Loading studies on insects show an increase in proportional to the load carried (Nielsen et al. 1982; Lighton et al. 1987). As in mammals, the metabolic cost for insects may increase directly with muscle force production. Therefore, the greater metabolic cost of locomotion for incline running in P. americana may have resulted from a twofold increase in the cost of force production at 45° and a threefold increase at 90°. The lack of change in stride frequency and contact time with angle of ascent does not support the hypothesis that the cost of muscle force production is elevated because of higher rates of force development (Fig. 3). The greater metabolic cost of running on steeper inclines was not associated with higher stride frequencies or shorter contact times, which would have led to a higher cost of force production. However, changes in leg kinematics other than stride frequency and contact time, such as the orientation of the limb relative to the running surface, could result in an alteration of the mechanical advantage of the limb possibly affecting metabolic cost by increasing the amount of force production. Finally, an increased metabolic cost of force production could result from the substitution of less expensive eccentric contractions (i.e. contraction during muscle stretching) used in level running with more costly concentric contractions (i.e. contraction producing muscle shortening) necessary for climbing (Margaria, 1938).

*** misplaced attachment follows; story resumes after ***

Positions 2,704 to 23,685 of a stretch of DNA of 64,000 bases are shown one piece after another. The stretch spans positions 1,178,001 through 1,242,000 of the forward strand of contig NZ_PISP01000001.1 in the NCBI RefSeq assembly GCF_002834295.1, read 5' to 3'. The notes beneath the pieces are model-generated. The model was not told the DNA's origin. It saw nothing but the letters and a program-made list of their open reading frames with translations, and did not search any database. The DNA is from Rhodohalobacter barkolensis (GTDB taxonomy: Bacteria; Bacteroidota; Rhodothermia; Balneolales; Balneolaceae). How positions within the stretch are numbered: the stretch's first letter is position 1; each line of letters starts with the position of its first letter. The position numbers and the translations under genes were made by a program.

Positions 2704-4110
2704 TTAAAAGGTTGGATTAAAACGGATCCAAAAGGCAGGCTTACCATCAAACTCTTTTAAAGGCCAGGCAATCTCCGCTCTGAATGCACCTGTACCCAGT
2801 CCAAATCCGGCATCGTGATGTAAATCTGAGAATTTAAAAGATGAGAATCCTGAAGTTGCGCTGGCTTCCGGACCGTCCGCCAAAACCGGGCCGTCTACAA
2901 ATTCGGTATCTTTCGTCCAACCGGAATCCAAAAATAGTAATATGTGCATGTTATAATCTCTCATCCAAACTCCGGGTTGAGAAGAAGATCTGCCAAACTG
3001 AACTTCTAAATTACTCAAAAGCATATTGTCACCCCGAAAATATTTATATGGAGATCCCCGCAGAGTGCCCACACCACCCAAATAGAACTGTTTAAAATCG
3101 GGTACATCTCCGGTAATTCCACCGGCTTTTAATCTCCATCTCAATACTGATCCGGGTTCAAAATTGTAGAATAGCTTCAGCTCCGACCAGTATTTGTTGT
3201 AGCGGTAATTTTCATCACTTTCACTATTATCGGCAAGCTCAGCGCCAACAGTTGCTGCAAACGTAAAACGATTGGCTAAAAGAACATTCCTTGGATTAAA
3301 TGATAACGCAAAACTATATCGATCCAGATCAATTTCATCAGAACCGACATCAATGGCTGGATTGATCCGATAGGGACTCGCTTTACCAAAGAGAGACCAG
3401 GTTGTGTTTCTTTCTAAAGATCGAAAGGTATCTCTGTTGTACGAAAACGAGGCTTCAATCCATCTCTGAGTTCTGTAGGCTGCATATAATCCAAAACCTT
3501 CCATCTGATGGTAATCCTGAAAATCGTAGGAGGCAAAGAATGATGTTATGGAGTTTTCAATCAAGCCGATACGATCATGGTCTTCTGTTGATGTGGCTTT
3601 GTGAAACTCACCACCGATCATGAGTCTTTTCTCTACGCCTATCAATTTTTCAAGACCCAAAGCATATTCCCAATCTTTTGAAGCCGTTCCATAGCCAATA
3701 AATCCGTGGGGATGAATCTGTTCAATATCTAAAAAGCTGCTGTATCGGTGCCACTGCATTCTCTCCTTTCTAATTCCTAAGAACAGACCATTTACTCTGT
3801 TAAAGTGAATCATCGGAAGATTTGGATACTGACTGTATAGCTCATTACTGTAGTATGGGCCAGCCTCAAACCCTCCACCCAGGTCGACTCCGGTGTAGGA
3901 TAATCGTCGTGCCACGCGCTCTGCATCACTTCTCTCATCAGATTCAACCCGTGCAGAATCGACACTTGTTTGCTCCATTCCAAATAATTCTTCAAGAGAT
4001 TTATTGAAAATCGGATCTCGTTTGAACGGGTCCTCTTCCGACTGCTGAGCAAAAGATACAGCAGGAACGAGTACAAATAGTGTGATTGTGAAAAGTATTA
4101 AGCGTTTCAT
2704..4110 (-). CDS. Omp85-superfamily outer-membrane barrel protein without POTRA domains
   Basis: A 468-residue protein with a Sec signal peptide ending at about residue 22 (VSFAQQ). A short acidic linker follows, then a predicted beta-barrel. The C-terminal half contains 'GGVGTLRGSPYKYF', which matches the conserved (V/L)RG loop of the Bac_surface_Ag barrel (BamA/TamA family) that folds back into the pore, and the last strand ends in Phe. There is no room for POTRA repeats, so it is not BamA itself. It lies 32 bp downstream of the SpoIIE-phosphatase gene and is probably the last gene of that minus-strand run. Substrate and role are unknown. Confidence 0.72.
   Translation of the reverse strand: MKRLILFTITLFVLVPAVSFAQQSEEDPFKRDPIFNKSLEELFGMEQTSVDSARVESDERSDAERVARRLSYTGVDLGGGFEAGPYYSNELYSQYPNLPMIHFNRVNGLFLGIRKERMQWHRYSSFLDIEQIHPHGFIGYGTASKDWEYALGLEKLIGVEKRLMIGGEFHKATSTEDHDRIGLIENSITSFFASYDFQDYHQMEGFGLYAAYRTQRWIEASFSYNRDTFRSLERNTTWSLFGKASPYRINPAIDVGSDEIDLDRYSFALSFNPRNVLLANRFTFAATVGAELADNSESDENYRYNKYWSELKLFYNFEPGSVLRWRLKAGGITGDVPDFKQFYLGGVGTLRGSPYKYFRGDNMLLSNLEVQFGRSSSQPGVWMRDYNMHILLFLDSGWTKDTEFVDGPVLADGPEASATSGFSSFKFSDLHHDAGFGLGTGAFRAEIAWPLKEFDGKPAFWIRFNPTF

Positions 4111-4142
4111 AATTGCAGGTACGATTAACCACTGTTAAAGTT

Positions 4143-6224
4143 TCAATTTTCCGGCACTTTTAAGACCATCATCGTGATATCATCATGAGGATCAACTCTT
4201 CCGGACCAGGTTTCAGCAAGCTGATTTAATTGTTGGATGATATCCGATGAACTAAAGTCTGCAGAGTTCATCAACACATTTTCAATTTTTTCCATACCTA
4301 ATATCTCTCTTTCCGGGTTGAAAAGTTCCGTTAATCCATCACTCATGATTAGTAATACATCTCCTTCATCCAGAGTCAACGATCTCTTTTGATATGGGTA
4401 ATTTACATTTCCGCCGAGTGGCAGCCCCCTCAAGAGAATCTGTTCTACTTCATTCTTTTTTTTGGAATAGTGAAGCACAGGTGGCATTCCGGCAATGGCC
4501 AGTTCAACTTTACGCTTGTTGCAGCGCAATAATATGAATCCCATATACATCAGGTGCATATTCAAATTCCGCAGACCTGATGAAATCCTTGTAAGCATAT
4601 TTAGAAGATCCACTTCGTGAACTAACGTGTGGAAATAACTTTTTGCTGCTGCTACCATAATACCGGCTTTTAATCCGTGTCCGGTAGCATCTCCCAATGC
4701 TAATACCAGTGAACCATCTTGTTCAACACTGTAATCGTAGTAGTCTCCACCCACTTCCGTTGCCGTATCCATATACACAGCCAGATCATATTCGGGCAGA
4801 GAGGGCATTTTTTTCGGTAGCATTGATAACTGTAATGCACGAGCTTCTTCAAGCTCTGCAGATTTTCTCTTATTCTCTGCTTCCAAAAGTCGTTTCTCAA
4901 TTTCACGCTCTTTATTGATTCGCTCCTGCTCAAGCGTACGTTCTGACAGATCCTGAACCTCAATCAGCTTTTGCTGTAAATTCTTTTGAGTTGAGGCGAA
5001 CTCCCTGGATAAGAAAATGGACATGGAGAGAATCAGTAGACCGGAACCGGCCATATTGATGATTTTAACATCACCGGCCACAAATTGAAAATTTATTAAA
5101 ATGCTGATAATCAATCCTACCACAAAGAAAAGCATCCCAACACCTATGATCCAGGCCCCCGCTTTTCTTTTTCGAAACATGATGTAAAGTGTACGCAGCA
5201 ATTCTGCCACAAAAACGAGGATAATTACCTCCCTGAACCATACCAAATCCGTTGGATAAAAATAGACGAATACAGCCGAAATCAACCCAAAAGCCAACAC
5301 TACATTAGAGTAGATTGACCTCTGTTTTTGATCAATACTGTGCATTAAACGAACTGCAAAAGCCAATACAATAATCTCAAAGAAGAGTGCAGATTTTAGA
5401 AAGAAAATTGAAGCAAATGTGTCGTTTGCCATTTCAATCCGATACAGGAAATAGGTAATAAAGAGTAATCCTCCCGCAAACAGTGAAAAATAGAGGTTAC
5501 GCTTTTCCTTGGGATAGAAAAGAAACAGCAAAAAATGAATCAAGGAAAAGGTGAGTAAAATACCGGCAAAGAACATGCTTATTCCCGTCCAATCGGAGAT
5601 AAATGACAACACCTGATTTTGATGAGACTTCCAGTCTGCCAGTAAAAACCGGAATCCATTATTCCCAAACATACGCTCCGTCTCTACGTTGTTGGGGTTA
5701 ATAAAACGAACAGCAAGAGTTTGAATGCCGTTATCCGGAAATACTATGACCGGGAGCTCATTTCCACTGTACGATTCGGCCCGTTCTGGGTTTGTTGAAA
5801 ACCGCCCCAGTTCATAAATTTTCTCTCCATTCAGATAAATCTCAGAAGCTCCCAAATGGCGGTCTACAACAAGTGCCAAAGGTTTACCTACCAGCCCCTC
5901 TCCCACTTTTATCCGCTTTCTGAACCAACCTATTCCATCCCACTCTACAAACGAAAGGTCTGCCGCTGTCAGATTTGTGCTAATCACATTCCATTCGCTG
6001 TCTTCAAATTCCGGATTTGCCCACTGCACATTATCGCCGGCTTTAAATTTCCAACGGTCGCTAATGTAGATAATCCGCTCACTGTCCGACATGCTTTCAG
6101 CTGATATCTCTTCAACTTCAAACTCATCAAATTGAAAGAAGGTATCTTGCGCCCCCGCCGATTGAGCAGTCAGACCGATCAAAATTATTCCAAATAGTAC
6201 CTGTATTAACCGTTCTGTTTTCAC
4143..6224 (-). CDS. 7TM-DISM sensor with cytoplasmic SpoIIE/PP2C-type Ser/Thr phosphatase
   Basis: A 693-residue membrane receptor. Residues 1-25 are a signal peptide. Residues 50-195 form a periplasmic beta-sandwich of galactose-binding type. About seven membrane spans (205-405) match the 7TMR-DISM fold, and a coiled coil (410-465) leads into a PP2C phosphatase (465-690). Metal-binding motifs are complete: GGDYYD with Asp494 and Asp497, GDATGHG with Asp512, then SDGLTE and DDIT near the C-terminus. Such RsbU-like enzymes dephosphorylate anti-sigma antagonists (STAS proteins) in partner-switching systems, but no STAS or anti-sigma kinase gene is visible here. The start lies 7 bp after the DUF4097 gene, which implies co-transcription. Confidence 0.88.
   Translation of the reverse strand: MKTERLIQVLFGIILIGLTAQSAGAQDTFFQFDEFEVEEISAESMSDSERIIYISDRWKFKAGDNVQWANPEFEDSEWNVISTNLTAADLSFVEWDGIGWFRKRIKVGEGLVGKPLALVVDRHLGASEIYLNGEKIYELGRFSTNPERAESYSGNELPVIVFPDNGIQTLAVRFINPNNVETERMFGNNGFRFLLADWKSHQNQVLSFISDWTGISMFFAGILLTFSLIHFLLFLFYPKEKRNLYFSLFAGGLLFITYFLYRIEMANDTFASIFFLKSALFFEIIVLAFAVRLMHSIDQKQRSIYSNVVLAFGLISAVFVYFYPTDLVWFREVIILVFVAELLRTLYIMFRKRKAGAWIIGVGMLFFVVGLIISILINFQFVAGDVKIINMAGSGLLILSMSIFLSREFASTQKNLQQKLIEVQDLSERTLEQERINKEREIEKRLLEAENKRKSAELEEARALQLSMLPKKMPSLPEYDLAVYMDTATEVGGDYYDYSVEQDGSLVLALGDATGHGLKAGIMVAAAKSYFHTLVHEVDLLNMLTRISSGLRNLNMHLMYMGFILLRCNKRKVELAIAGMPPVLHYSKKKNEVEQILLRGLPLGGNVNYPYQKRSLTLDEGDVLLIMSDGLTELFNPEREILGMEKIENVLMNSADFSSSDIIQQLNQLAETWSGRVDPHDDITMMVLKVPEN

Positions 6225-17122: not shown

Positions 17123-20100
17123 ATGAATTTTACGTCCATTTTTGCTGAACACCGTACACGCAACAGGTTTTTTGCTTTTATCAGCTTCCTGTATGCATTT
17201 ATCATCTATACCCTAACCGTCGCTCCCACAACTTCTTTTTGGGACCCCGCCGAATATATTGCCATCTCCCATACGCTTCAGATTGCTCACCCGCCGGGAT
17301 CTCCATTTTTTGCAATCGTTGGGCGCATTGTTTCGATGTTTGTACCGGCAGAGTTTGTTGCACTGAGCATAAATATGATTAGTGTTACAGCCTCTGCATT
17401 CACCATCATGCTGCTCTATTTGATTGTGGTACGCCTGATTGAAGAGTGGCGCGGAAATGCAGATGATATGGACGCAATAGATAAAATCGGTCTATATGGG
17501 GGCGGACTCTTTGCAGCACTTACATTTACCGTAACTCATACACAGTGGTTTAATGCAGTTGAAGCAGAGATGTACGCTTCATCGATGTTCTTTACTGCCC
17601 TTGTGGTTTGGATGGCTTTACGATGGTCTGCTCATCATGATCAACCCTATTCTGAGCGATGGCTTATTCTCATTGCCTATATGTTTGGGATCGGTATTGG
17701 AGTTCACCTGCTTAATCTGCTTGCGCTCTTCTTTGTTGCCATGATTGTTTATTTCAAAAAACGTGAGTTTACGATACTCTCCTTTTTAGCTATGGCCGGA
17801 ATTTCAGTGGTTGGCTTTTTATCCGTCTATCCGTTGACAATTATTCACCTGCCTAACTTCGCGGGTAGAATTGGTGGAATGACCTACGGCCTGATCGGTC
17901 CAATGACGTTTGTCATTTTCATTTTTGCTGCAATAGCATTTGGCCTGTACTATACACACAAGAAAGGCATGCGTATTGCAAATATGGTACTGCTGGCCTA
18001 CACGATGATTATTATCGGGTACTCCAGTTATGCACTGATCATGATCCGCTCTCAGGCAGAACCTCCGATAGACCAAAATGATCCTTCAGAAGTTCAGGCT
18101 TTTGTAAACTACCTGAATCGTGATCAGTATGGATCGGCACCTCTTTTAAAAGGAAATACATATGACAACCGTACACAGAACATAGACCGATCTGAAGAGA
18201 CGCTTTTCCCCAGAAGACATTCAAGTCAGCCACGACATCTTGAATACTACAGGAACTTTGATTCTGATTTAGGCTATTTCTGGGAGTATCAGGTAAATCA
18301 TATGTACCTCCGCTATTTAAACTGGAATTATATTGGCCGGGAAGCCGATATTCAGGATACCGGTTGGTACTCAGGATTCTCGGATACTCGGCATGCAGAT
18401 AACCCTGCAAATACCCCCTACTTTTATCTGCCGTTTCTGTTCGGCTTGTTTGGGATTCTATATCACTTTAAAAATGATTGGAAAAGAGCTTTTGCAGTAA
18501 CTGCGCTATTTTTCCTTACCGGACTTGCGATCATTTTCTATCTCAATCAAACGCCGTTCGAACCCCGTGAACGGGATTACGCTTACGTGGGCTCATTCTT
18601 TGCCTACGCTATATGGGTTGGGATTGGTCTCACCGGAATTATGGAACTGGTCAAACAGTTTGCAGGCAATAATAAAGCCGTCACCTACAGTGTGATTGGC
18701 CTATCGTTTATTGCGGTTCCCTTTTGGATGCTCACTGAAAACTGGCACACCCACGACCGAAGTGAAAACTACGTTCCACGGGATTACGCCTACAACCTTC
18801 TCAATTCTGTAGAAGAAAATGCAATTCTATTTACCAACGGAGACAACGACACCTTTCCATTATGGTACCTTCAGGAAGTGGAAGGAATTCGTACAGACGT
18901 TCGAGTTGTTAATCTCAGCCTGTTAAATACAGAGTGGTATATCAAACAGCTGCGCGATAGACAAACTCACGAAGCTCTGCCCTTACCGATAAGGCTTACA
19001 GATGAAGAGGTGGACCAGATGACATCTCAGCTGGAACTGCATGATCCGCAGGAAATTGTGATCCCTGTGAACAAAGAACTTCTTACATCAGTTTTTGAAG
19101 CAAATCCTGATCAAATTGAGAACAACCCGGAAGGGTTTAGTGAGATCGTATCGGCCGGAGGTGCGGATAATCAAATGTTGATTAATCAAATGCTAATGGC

Insects cannot easily walk up steep inclines simply because of a relatively low energy expenditure. Variables other than energy cost need to be considered, such as adaptations for grasping. Added work or force production during incline running for small animals does result in significant increases in metabolic cost. Although P. americana can scale vertical surfaces with remarkable ease, the energetic cost is considerable.

We thank C. R. Taylor for reading the manuscript critically. Supported by NSF grant DCB 8904586 and the University of California at Berkeley Committee on Research 1987–88.